Why fash­ion is an un­com­fort­able fit

Out of Shape: De­bunk­ing Myths about Fash­ion and Fit

The Weekend Australian - Review - - Books - Gil­lian Terzis Gil­lian Terzis

By Mel Camp­bell Af­firm Press, 198pp, $24.95

WEAR­ING clothes — a la mode or oth­er­wise — can of­ten be an in­vi­ta­tion for un­so­licited judg­ment. Hip­ster bi­ble Vice mag­a­zine be­came renowned for its un-PC ar­bi­tra­tion be­tween trends that are hot and those that are not; most women’s mag­a­zines pro­vide po­liter in­struc­tion in the art of dress­ing di­rec­tion­ally. To be outed as a fash­ion vic­tim is to be sub­ject to dis­pro­por­tion­ate lev­els of ridicule; the phrase con­notes not only em­bar­rass­ment but suf­fer­ing. Fash­ion writ­ers and sales as­sis­tants are of­ten on hand to pre-empt our fash­ion mis­takes by pro­vid­ing us with a raft of cor­rec­tive so­lu­tions.

It has al­ways been this way. At the heart of the thriv­ing fash­ion-in­dus­trial com­plex are ten­sions be­tween our so­cial and cul­tural val­ues and our bod­ies, ar­gues Mel Camp­bell in her thought-pro­vok­ing de­but book Out of Shape. Th­ese ten­sions stoke our as­pi­ra­tions as well as frus­tra­tions — par­tic­u­larly over is­sues of siz­ing and fit. Th­ese ex­pe­ri­ences are not new, as Camp­bell il­lus­trates in her witty ex­plo­ration of fash­ion through the ages as well as its rep­re­sen­ta­tion in con­tem­po­rary cul­ture. The wardrobe mal­func­tion and its link to moral las­si­tude, for in­stance, is not with­out prece­dent. We learn French so­cialite Vir­ginie Gautreau — a 19th-cen­tury pre­de­ces­sor to Paris Hil­ton — caused a stir while pos­ing for John Singer Sar­gent’s Madame X. The rea­son for the fuss? In the paint­ing’s ini­tial ver­sion, one of the straps on Gautreau’s ‘‘ se­vere, fig­ure-hug­ging black velvet dress’’ was ‘‘ slipped in­so­lently off her shoul­der’’.

More than a cen­tury later, plus ca change. So­ci­ety’s ca­pac­ity for out­rage re­mains a bot­tom­less pit. Last year, the Nine Net­work’s A Cur­rent Af­fair broad­cast a story called Girls on Show, where Ita But­trose and model Char­lotte Daw­son tut-tut­ted at the sar­to­rial crimes com­mit­ted by teenage girls on a night out: th­ese in­cluded ‘‘ clingy, strap­less and low-cut tops, miniskirts, hot­pants with their buttcheeks hang­ing out’’. The pro­gram served to re­in­force the old-fash­ioned no­tion that, in ad­di­tion to ad­her­ing to mag­a­zine-sanc­tioned ideals of sar­to­rial self-em­bel­lish­ment, women must also ‘‘ ap­pease other peo­ple’s moral judg­ment’’. Us­ing the ex­am­ples of Pretty Woman, Pyg­malion and Strictly Ball­room, Camp­bell shows the makeover func­tions in a sim­i­lar way, al­beit un­der the guise of self­im­prove­ment.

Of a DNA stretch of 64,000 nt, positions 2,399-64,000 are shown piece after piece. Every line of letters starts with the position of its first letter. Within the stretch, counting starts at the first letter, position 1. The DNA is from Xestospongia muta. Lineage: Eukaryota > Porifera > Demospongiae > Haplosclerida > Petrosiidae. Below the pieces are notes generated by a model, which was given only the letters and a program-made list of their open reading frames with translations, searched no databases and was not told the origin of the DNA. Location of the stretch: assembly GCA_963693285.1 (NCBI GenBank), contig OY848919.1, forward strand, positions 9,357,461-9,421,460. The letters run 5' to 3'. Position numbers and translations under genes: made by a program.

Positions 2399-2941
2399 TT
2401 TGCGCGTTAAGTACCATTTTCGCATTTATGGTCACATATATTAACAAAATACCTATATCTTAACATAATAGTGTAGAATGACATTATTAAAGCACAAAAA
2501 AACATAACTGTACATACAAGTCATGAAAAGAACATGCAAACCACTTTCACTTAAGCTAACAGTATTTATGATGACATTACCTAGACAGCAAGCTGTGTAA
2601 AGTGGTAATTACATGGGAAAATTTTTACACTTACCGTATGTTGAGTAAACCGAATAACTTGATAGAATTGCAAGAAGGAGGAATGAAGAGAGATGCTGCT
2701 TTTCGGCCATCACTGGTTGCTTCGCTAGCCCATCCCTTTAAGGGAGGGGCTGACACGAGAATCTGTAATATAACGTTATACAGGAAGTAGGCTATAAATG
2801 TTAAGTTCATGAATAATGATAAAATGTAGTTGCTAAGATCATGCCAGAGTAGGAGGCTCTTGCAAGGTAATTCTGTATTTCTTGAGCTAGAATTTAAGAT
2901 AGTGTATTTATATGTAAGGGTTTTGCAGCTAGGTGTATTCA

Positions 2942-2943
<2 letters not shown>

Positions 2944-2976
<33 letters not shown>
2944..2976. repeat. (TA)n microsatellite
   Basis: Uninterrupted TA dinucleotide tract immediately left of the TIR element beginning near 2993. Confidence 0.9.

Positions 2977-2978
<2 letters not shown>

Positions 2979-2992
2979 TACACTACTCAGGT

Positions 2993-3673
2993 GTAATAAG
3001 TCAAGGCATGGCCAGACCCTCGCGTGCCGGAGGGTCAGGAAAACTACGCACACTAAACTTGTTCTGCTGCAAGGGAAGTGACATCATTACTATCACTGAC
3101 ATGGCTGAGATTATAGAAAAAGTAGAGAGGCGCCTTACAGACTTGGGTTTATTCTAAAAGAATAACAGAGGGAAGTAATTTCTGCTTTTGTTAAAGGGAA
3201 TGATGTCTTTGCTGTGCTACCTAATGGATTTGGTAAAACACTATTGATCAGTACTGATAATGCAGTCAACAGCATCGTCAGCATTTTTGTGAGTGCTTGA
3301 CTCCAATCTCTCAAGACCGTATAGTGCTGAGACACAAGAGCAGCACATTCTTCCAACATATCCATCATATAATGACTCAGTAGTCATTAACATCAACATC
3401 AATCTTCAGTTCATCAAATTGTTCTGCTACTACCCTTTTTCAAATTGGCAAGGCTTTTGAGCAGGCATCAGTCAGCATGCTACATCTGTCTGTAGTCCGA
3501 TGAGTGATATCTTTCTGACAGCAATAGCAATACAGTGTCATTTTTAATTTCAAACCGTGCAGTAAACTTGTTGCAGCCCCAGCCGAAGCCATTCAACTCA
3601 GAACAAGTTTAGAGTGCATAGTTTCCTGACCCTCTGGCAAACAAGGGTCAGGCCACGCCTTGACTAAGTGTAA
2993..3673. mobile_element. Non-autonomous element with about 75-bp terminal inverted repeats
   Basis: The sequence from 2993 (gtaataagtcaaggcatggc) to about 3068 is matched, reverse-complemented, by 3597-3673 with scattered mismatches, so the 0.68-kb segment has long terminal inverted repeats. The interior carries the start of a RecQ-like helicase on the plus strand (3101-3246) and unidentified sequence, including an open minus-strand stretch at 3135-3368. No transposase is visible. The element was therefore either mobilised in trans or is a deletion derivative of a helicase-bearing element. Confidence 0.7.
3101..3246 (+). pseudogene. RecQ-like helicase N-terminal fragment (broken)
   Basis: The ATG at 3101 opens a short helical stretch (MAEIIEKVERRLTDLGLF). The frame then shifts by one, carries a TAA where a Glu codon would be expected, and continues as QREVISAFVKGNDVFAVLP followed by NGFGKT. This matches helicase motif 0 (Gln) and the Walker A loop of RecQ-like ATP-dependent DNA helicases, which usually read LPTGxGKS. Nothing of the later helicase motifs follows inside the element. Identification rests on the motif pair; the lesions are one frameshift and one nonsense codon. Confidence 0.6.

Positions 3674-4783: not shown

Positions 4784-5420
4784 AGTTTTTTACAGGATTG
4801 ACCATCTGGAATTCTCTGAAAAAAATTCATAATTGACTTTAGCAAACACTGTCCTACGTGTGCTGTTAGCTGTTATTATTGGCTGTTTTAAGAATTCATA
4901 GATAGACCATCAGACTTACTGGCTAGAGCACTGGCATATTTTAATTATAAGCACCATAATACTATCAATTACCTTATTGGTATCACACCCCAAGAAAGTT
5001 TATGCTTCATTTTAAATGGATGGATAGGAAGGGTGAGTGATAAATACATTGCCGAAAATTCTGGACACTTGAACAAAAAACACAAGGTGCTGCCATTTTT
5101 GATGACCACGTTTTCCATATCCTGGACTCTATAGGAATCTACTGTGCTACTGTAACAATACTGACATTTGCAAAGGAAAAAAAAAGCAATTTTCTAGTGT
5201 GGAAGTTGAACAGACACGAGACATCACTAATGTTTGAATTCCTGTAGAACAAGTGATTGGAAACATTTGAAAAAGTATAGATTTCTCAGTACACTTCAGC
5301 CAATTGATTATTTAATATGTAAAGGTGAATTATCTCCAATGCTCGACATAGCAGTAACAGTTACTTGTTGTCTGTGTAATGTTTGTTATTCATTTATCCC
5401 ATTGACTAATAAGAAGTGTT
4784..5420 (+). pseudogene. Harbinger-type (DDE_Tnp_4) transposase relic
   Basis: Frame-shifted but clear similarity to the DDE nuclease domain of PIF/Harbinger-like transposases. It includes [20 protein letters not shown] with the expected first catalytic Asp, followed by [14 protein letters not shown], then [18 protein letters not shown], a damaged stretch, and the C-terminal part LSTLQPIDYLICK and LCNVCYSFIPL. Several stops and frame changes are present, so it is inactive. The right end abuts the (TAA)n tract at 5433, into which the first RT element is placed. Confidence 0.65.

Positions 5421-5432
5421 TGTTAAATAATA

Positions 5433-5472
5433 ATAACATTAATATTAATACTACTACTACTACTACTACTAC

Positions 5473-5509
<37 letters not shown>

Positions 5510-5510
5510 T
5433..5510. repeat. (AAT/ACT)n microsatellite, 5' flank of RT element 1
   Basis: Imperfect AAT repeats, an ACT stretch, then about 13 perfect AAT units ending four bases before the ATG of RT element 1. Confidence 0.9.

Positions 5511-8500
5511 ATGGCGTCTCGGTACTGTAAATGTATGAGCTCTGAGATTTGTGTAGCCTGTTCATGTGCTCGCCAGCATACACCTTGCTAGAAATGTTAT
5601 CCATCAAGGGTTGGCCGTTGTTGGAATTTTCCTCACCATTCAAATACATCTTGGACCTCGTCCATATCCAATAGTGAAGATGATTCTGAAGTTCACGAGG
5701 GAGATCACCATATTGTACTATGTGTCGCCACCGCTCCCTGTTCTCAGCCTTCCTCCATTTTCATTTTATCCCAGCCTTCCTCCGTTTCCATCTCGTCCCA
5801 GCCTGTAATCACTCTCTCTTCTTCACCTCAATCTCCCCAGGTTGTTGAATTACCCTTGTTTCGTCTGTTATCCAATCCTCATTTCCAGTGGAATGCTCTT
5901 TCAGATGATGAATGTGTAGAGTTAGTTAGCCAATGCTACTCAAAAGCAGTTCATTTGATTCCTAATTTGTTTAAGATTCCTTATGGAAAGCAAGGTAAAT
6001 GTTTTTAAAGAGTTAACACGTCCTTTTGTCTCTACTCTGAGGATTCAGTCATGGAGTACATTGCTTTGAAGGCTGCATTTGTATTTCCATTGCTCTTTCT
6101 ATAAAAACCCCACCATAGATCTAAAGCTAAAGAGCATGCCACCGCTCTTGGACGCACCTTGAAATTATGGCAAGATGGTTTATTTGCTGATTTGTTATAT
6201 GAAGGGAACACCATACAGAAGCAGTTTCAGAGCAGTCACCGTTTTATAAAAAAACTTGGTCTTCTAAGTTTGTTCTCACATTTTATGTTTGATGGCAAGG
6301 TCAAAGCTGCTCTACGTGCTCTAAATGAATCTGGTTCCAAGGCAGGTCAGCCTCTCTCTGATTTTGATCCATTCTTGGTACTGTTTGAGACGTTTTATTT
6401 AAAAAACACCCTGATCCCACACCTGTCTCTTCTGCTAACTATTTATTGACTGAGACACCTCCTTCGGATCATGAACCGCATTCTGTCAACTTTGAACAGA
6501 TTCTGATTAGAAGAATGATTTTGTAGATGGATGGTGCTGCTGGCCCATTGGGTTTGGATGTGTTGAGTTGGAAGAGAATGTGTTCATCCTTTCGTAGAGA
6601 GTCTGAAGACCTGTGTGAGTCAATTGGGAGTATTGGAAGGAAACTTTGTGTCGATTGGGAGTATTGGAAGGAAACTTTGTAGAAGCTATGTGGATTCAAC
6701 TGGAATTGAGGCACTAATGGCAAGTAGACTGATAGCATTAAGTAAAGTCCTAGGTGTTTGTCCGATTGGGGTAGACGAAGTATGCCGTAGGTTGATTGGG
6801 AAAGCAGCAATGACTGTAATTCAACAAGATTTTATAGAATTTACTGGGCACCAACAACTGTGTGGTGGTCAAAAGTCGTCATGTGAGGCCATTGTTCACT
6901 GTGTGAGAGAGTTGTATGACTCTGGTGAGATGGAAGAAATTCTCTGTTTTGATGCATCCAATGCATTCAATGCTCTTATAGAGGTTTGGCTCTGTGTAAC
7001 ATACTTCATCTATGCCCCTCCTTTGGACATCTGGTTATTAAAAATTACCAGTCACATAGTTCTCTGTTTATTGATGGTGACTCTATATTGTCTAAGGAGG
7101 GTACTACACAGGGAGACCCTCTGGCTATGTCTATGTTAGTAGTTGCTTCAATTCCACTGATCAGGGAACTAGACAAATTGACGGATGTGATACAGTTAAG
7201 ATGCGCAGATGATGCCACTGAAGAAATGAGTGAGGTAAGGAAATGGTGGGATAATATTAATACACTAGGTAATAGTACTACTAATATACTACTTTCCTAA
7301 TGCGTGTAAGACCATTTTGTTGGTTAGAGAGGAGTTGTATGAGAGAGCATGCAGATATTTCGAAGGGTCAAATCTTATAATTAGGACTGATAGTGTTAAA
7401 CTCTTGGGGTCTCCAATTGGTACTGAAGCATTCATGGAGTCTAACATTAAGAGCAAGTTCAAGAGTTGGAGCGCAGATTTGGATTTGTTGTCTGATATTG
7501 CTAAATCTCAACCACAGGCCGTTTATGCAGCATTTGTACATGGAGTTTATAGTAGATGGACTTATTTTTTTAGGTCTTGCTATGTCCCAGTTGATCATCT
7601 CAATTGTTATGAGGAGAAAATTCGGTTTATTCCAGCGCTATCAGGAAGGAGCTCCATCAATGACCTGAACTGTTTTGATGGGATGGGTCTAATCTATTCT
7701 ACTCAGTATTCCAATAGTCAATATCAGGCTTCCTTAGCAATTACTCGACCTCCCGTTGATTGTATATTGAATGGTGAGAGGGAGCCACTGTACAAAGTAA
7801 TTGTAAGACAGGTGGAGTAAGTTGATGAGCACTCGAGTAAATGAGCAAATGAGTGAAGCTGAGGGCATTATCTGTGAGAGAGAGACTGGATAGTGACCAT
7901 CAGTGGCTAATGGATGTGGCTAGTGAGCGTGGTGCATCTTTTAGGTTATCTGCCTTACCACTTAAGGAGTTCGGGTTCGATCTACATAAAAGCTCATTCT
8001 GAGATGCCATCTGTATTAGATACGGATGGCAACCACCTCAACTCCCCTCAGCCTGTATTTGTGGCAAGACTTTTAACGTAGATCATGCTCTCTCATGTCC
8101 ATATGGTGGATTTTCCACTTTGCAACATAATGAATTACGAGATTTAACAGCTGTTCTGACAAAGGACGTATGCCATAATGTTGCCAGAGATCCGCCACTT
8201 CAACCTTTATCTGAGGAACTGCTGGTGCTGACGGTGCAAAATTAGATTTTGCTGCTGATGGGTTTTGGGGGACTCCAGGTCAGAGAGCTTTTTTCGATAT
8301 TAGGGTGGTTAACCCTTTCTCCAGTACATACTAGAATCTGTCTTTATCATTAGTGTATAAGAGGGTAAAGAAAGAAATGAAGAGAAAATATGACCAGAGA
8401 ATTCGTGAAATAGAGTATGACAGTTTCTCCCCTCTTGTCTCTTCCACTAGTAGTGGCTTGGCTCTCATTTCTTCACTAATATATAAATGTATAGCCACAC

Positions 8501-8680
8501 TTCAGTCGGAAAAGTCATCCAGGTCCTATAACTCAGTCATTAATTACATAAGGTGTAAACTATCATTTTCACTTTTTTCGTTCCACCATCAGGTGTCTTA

Is it pos­si­ble to rec­on­cile the de­sire to win the ap­proval of out­siders with our in­di­vid­ual tastes? Fash­ion is home to many con­flict­ing ten­sions: the styles we see in stores are a com­pro­mise be­tween a de­signer’s aes­thetic val­ues and mar­ket de­mand. If your de­mands (phys­i­cal or aes­thetic) aren’t met, it be­comes a stress­ful pur­suit. ‘‘ Wear­ing clothes shouldn’t be a chore,’’ Camp­bell writes. ‘‘ It should be play­ful and ex­cit­ing, the way it once was when we were kids grow­ing up.’’ As adults, that sense of play­ful­ness is re­placed by cal­cu­lated risk-tak­ing. The life­style me­dia likes to des­ig­nate rules for body types: Camp­bell notes that given her ‘‘ rec­tan­gu­lar en­do­mor­phic body’’, ‘‘ high-waisted jeans with small back pock­ets will make [her] bum look big’’ and ‘‘ calflength skirts will make [her] look ‘ stumpy’ ’’.

But the mes­sage that goes with body shape di­ag­nos­tics — that peo­ple should dress ac­cord­ing to their shape — is use­less. Camp­bell mounts a con­vinc­ing ar­gu­ment by point­ing to the mean­ing­less ter­mi­nol­ogy used to iden­tify body types. It hardly mat­ters if we are able to as­sign our bod­ies to cer­tain ‘‘ sciency’’ phys­iog­nomic cat­e­gories (ec­to­morph, en­do­morph) or to de­scrip­tive nouns (ap­ple, cello, brick, skit­tle); the im­pli­ca­tion is our phys­i­cal flaws can be fixed by the cor­rect choices in at­tire.

That ap­proach to a per­son’s phys­i­cal­ity can prove dam­ag­ing. Through­out Out of Shape, Camp­bell uses in­ter­views with con­sumers and fash­ion de­sign­ers as well as per­sonal anec­dotes and ex­am­ples from pop cul­ture to high­light the angst of what she calls or­thoves­tia: the idea we must ‘‘ con­stantly tend to and re­vise our ap­pear­ance’’ to be so­cially suc­cess­ful. Her per­sonal re­flec­tions are poignant and at times hu­mor­ous. We feel for her when she at­tempts to em­u­late the glam­our of garconne chic as a teenager, only to be mis­taken for a boy, or puts on a miniskirt that makes her feel great — un­til she catches her re­flec­tion in a shop win­dow. By ar­tic­u­lat­ing her vul­ner­a­bil­i­ties with such hon­esty, Camp­bell re­as­sures us such cul­tural anx­i­eties are nor­mal, which makes her ar­gu­ment more com­pelling.

Out of Shape is an en­gross­ing read, not only be­cause Camp­bell puts her body on the line, but be­cause of her in­tel­li­gent and con­ver­sa­tional style. She’s at ease dis­tin­guish­ing the dif­fer­ences be­tween vin­tage and retro, riff­ing on his­tor­i­cal ma­te­ri­al­ism, or cri­tiquing beauty ideals put for­ward by the me­dia. And while there are no easy an­swers for our quan­daries, Camp­bell gives us a place to start. In an in­dus­try that is all about ‘‘ the look’’, there’s noth­ing more stul­ti­fy­ing (or ba­nal) than the de­sire to dress ap­pro­pri­ately.

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